July 11: Elvis recorded Mystery Train in 1955

elvis presley 1955

 

July 11: Elvis recorded Mystery Train in 1955

“Mystery Train” is one of Presley’s most haunting songs, a stark blues number that sounds ancient but was actually first cut only two years before by Memphis blues singer Junior Parker. Presley recorded it with the groove from the flip side of the same Parker single, “Love My Baby,” and Sun producer Phillips’ taut, rubbery echo effect made guitarist Scotty Moore’s every note sound doubled. Presley added a final verse — “Train . . . took my baby, but it never will again” — capped by a celebratory falsetto whoop that transformed a pastoral about death into a song about the power to overcome it.
~rollingstone.com

Train arrive, sixteen coaches long
Train arrive, sixteen coaches long
Well that long black train got my baby and gone

Train train, comin’ ’round, ’round the bend
Train train, comin’ ’round the bend
Well it took my baby, but it never will again (no, not again)

Train train, comin’ down, down the line
Train train, comin’ down the line
Well it’s bringin’ my baby, ’cause she’s mine all, all mine
(She’s mine, all, all mine)

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July 9: Jack White was born in 1975 – Happy Birthday!

Jack-White

Happy Birthday, Jack White!

Jack White (né Gillis), often credited as Jack White III, singer, songwriter, record producer, multi-instrumentalist and occasional actor. He was best known as the guitarist, pianist and lead vocalist of The White Stripes until they split in February 2011, as well as a member of The Raconteurs and The Dead Weather. He has recorded two albums as a solo artist, Blunderbuss (number 4 on our year-end list 2012) and this year’s wonderful, Lazaretto.

Unknown

“Blues singers and people who are singing on stage have the same feelings and emotions that someone who is called to be a priest might have.” – Jack White

Music is Jack White’s calling, it is his mission in life, and we at JV are regulars when he preaches. Jack White is a musical genius. He’s a rock auteur. You can hear “his voice” on everything he’s involved in. That is a good thing, and his solo albums really shines.

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Van Morrison – Videos, concerts, albums and more..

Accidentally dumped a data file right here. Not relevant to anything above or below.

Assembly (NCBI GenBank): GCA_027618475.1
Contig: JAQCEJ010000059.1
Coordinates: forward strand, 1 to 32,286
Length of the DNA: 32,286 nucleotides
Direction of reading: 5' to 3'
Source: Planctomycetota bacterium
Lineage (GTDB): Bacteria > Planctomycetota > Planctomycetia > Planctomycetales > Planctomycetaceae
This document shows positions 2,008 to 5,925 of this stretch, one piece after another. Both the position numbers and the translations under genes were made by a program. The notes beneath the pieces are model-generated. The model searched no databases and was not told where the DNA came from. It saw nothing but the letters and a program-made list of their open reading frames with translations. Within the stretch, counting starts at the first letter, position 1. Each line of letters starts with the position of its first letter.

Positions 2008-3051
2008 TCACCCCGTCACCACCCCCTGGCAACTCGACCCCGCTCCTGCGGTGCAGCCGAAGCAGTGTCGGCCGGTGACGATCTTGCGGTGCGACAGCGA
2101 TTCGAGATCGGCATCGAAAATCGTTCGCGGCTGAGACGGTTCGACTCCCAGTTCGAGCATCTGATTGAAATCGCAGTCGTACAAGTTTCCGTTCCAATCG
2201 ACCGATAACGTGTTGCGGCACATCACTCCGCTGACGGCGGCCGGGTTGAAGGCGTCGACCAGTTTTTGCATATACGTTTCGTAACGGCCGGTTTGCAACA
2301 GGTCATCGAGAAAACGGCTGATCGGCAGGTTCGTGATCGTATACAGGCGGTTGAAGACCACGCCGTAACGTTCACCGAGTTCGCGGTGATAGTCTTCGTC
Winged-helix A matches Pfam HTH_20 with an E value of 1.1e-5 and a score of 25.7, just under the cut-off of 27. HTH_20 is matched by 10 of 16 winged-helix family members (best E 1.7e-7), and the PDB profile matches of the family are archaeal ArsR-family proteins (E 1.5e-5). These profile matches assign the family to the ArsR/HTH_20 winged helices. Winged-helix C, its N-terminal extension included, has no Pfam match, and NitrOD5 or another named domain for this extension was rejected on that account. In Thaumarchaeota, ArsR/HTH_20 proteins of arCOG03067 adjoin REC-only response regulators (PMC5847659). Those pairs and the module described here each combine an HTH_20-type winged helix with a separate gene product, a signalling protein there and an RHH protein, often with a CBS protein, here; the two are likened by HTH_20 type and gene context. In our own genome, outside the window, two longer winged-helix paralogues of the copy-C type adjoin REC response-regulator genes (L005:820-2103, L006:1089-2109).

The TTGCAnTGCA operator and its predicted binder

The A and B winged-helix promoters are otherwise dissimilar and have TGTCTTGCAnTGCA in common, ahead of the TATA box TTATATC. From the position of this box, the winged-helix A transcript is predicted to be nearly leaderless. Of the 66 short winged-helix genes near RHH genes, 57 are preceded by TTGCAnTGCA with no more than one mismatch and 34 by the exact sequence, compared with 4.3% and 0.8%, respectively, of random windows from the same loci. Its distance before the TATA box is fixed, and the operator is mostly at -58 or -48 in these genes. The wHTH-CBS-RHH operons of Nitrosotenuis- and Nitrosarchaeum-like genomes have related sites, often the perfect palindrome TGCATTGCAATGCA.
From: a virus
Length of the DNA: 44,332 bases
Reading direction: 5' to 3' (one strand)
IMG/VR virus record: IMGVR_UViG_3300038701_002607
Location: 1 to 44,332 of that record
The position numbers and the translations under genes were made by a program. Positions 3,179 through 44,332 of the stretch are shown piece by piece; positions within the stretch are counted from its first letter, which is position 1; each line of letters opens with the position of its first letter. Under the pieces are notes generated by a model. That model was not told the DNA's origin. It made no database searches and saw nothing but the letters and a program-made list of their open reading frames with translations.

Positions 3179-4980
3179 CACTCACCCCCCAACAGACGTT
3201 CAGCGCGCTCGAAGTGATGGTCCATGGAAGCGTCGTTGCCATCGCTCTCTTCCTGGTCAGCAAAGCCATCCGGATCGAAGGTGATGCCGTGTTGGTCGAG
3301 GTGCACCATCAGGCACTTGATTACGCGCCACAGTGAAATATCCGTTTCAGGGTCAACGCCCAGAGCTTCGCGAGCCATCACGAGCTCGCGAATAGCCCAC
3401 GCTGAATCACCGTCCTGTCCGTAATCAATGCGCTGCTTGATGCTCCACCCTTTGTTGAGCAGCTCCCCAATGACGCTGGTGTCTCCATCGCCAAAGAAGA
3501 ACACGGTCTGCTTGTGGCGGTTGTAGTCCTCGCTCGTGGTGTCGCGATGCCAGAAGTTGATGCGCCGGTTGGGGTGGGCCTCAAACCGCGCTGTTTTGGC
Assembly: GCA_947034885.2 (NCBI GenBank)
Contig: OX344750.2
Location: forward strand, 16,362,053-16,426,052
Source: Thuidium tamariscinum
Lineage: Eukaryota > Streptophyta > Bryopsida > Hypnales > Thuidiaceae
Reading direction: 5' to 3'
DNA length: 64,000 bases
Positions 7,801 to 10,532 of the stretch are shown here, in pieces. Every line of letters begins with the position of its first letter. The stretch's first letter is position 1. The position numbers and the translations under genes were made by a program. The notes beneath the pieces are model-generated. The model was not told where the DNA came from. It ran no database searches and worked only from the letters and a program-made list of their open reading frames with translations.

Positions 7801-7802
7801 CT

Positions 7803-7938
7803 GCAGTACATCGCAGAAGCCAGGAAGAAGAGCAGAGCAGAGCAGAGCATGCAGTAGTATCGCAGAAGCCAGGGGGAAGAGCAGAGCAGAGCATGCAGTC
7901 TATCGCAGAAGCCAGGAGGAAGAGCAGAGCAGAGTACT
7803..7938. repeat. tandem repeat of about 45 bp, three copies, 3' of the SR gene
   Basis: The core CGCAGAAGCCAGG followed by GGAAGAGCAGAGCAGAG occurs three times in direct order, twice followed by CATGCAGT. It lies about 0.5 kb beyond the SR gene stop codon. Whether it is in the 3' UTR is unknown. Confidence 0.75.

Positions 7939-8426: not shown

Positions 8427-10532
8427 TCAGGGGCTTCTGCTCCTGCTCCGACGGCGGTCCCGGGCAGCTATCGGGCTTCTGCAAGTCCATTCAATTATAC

van morrison

This is a collection of links to posts here @ borntolisten.com about Van Morrison.

Concerts

Albums

Other

-Egil

Van Morrison @ Donegal Square, Belfast 1995 (video)

van morrison belfast 1995

On 30 November, Van played to sixty thousand people in Belfast city centre as a preview to Bill Clinton´s appearance. .. Van sang “Days Like This”, which had become the official anthem of the peace movement, and the theme music for a television advert licensed by the Northern Ireland Office.
-Brian Hinton (Celtic Crossroads)

Broadcast live on Sky News, BBC Northern Ireland C4 News – Peace Rally for President Clinton visit.

  • Ralph Salmins – drums
  • Leo Green- saxophone
  • Brian Kennedy – vocals
  • Dermont Harlan – saxophone
  • Linley Hamilton – trumphet
  • Peter O´Hanlon – guitar

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Van Morrison & Jerry Lee Lewis @ Hammersmith, London 1989 (videos)

van morrison and jerry lee lewis 1989

In November [1989], Van appeared with Jerry Lee Lewis at the Hammersmith Odeon, performing two songs, “Goodnight Irene” and “What´d I Say”. On the first of these, Lewis looks half stuffed, stiff back and trading phrases with Van, who badly needs a haircut, but drives the old rock´n´roller on. Lewis´s stubby fingers can still coax magic out of his grand piano.
-Brian Hinton (Celtic Crossroads)

Wonderful to see these two giants perform together.

Jerry Lee Lewis & Van Morrison
Hammersmith Odeon, London
November 1989

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July 3: Muddy Waters At Newport was released in 1960

muddy waters at newport 1960

 

July 3: Muddy Waters At Newport was released in 1960

For many back in the early ’60s, this was their first exposure to live recorded blues, and it’s still pretty damn impressive some 40-plus years down the line. Muddy, with a band featuring Otis Spann, James Cotton, and guitarist Pat Hare, lays it down tough and cool with a set that literally had ’em dancing in the aisles by the set closer, a rippling version of “Got My Mojo Working,” reprised again in a short encore version.
~Cub Koda (allmusic.com)

A stomping live document of the period when Waters’ Chicago blues started reaching a wider pop audience. Newport has his classics – “Hoochie Coochie Man,” a torrid “Got My Mojo Working” – delivered by a tough, tight band anchored by harp genius James Cotton.
~rollingstone.com

Got My Mojo Working (part 1 & 2)

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